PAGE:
Besides the window, I was having my own hallway adventure thanks to a pretty young girl who kept making eye contact with me and smiling. She was seated on one of the few benches available, and were it not for the fact that we were all here for jury duty which required one to be at least eighteen years old, I would never have pegged her as being an adult.
And every time I looked around at all, I found her looking at me, and quickly flashing me a friendly, inviting smile every time we made eye contact. Maybe flirting. I wasn't sure.
For one tiny moment I foolishly thought I must look good today.
Then the courtroom doors opened and the principals of the case walked out for restroom or smoke breaks. Among them was the defendant, who smiled as he walked over to this girl and they kissed and quietly exchanged encouragements.
The defendant's girlfriend was making eyes at me. A heavyset guy with a shaved head. The gal definitely has a "type." Or maybe she was just softening up a potential juror, hoping to appear sympathetic. Or, most likely, I made for better eye contact than the two dudes standing nearby loudly discussing what a criminal scumbag her boyfriend is and how he's definitely on his way to prison if they have any say in it.
"Hey, her boyfriend might be about to go to prison. She's gotta keep her options open," was my lady's take on this anecdote.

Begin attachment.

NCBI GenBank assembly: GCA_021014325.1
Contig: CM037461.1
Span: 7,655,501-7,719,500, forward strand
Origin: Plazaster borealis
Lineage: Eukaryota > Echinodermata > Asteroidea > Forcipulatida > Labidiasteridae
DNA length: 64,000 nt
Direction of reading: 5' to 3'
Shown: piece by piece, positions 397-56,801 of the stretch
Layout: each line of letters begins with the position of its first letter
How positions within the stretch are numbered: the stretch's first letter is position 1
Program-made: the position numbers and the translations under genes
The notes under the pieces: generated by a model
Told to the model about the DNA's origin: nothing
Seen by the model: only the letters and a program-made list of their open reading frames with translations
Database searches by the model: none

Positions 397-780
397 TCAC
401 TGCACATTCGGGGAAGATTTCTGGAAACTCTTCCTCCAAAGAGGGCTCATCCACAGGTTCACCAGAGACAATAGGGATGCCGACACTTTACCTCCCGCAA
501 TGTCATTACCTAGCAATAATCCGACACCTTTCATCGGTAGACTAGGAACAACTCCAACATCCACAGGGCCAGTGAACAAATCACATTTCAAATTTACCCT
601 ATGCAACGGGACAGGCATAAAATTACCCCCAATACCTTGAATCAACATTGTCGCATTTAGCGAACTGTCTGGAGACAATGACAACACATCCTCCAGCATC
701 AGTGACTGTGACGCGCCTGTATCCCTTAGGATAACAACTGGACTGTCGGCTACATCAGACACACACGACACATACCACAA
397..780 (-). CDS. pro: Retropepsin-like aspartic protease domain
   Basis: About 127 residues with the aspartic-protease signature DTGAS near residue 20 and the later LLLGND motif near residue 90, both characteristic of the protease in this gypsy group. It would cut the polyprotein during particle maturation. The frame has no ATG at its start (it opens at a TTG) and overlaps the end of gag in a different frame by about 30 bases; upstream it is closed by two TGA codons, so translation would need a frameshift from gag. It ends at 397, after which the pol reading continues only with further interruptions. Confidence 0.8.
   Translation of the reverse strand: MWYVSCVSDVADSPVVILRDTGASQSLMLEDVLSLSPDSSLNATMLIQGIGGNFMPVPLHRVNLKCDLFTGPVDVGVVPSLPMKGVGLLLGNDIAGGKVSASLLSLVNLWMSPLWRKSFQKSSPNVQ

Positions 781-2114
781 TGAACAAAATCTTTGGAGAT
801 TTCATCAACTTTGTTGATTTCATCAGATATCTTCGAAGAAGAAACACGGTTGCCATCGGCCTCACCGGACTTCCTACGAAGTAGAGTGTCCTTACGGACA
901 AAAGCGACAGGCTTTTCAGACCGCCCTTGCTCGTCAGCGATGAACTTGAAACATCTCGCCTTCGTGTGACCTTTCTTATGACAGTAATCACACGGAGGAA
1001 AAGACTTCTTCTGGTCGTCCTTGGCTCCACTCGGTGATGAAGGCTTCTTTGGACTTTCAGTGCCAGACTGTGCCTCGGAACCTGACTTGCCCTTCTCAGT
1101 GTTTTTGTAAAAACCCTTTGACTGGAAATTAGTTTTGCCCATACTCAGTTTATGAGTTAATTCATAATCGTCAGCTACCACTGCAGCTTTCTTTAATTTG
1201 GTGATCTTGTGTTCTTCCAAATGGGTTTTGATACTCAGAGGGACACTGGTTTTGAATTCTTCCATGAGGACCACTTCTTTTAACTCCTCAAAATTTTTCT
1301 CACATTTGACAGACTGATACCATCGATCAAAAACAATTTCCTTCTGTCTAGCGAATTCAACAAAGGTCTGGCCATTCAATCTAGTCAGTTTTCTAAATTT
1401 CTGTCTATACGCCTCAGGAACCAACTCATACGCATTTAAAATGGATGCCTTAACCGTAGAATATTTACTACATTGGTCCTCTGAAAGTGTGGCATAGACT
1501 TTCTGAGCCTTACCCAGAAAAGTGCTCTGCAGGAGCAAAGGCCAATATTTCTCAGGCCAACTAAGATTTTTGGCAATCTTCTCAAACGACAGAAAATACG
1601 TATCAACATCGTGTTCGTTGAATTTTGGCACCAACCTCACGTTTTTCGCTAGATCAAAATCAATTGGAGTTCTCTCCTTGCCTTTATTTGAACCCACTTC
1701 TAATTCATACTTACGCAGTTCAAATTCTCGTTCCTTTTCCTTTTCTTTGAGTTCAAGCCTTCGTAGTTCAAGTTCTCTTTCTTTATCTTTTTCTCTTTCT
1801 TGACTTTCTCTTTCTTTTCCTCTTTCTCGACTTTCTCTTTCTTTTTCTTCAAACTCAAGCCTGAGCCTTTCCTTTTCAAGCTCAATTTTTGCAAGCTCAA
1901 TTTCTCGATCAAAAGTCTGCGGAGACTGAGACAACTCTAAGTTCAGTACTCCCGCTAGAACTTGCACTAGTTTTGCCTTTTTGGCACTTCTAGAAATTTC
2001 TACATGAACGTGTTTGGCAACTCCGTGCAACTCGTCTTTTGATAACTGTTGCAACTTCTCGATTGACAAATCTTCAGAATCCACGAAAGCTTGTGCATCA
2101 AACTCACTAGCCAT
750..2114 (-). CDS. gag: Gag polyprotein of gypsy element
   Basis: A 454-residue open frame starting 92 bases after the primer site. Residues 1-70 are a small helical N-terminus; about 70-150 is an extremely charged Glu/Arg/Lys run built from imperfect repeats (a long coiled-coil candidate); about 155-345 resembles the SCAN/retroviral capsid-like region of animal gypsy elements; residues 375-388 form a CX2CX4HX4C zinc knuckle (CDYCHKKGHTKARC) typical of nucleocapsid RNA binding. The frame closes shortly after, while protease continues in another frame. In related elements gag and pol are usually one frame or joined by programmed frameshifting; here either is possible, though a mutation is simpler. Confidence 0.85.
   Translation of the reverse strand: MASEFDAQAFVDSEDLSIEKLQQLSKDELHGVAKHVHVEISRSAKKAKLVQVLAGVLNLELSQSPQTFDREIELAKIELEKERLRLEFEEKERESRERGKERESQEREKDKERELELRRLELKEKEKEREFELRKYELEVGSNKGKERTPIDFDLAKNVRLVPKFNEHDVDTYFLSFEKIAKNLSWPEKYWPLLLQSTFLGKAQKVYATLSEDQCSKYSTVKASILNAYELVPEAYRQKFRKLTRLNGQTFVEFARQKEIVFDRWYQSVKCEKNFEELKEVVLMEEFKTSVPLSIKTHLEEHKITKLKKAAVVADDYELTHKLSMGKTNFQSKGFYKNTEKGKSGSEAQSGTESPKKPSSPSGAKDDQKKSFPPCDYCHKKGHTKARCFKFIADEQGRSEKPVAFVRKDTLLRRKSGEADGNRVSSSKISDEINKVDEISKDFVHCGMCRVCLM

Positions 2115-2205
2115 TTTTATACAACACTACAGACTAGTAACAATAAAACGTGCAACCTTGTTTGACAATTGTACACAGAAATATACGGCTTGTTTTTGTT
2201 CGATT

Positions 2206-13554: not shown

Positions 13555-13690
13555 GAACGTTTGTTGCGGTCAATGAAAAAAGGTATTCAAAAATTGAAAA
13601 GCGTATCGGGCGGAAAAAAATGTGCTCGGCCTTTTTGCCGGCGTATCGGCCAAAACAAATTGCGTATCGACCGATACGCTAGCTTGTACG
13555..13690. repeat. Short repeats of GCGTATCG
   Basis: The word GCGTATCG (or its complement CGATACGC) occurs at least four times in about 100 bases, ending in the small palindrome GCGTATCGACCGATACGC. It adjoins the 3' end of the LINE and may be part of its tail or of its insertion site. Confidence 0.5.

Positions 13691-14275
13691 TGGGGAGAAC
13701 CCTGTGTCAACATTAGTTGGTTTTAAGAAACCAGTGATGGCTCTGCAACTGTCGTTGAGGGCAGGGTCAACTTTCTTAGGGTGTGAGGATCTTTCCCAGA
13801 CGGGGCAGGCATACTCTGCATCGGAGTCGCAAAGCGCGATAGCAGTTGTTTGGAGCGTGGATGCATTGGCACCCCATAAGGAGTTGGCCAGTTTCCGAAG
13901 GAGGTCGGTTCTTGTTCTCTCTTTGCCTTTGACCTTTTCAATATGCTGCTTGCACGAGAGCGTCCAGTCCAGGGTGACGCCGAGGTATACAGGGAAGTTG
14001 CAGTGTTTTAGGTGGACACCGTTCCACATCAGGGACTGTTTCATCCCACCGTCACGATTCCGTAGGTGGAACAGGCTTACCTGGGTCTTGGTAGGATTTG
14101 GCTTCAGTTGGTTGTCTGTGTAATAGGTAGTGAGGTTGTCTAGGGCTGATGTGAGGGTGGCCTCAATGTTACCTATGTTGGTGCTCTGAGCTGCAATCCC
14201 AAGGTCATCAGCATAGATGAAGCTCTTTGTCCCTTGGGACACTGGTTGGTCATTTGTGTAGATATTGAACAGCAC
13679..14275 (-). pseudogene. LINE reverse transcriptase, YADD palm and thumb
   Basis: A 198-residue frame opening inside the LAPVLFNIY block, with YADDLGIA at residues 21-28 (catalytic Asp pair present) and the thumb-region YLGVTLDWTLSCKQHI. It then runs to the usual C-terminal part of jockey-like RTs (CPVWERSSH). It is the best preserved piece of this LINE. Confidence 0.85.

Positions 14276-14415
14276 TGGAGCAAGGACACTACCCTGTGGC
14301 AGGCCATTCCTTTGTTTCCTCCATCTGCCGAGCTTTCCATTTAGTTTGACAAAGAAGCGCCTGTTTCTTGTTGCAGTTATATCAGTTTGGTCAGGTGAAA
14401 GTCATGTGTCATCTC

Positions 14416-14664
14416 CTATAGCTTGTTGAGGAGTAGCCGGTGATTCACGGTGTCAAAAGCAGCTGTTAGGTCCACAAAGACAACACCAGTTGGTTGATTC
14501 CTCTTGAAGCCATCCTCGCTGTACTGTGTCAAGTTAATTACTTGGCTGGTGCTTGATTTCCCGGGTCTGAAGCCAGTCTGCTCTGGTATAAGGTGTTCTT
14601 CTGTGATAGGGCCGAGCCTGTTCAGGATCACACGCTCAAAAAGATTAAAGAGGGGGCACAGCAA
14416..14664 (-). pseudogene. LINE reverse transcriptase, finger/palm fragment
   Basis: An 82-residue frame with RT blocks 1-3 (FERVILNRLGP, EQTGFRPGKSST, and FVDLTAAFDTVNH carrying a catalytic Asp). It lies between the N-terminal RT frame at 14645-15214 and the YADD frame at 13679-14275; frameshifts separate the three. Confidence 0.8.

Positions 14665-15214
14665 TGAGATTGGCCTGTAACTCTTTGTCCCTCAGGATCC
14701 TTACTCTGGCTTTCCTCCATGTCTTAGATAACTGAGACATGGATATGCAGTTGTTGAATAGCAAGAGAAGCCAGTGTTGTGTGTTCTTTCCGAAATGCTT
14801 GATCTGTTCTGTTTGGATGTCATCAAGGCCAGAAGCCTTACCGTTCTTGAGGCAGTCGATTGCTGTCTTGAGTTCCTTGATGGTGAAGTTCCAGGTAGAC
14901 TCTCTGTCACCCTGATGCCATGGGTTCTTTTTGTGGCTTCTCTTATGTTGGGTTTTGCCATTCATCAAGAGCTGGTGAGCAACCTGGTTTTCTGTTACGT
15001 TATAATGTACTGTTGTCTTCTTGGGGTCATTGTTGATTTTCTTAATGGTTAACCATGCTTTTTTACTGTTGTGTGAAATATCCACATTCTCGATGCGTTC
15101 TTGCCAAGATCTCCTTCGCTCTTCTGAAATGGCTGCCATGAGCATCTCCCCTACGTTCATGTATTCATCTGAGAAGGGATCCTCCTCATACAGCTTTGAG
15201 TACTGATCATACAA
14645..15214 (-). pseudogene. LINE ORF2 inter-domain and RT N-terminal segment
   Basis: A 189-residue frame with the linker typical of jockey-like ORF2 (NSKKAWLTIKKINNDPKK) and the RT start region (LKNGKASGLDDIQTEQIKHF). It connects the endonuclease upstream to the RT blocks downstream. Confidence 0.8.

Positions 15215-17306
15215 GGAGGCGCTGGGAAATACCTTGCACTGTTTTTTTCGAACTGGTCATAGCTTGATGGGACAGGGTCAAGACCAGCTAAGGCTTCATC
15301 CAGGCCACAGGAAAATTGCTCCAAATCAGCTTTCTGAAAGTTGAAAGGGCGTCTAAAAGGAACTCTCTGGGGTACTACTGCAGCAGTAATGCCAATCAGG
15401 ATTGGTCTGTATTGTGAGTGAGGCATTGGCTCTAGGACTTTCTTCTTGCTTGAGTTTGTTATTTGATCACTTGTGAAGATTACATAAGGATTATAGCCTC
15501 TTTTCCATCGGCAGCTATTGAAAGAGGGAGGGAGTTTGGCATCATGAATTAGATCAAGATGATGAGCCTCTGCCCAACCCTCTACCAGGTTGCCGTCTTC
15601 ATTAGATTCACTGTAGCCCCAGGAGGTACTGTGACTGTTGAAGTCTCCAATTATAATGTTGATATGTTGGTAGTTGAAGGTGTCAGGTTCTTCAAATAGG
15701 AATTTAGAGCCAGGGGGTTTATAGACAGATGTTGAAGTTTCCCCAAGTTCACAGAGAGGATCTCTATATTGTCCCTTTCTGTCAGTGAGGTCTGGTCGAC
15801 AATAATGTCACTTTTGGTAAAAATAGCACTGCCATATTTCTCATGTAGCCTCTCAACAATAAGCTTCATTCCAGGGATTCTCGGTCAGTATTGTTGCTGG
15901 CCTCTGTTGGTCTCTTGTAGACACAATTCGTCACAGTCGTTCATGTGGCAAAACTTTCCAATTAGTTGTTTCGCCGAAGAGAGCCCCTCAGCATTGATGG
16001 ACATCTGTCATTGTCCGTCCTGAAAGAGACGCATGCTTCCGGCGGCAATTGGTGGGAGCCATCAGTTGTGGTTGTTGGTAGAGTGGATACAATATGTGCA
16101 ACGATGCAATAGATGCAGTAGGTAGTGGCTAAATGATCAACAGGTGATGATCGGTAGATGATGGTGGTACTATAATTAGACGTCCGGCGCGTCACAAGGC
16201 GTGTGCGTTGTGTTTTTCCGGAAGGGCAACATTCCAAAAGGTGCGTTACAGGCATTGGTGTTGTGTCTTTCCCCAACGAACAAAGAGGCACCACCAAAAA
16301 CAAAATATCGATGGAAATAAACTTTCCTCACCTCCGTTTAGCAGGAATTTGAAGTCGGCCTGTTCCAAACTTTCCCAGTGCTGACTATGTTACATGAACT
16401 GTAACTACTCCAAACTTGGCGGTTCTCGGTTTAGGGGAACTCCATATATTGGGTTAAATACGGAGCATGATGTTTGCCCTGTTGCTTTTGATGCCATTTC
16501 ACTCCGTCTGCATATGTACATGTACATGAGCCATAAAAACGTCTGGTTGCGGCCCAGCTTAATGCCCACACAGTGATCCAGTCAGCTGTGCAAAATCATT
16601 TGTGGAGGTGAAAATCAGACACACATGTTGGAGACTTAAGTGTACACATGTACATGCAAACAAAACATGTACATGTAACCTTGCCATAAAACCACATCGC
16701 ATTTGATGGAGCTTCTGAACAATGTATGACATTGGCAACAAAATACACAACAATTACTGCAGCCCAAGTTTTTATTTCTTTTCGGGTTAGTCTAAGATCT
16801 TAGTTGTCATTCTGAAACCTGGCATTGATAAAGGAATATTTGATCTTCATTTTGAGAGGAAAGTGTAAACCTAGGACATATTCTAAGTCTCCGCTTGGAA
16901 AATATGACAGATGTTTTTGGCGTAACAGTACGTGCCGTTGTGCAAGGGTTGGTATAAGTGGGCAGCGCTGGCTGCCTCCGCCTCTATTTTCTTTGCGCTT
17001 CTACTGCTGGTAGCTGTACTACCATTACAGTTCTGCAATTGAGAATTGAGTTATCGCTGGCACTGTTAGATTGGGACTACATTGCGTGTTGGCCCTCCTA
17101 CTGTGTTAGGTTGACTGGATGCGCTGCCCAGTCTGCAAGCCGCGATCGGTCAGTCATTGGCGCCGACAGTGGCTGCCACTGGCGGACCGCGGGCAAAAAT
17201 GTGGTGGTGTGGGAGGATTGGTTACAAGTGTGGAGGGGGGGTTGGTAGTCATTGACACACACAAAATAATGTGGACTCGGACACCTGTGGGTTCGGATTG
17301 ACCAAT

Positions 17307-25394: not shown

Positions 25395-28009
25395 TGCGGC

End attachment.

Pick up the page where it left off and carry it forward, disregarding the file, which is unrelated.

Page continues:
At the very least it was an activity to pass the time. This jury summons had turned into such a lengthy adventure that, even with a giant window right next to me, I was half-convinced I'd emerge from the building into a post-nuclear wasteland. I'd spent much of the morning fervently wishing for one of these old ladies with nowhere to sit to fall down solely for the entertainment value, even as I knew that she'd be immediately dismissed and thus hurt my chances of escaping jury duty ever more.
At last they called us back into the courtroom, and the judge thanked us for the 29th time for our time and patience and for showing up in the first place, even though it was quite compulsory and none of us would be here otherwise. Then they called out twelve names, and roughly nine of those people approached the jury box as if it was going to give them a rectal exam. One dude even hissed "Awww, gawd..." as his name was called.
All twelve of the jurors were picked from the right side of the room. Nigel Lythgoe, Rollie Fingers, Teach-A-Lesson and I were each spared. And the rest of us filed out at exactly noon, recognizing how the proceedings noticeably sped up once we'd been brought back into the courtroom, as if it was imperative for the jury selection to be done before adjourning for lunch. Called it!
|So You Think You Can Make Six Dollars For Four Hours of Civic Duty?, Mondays on ABC!|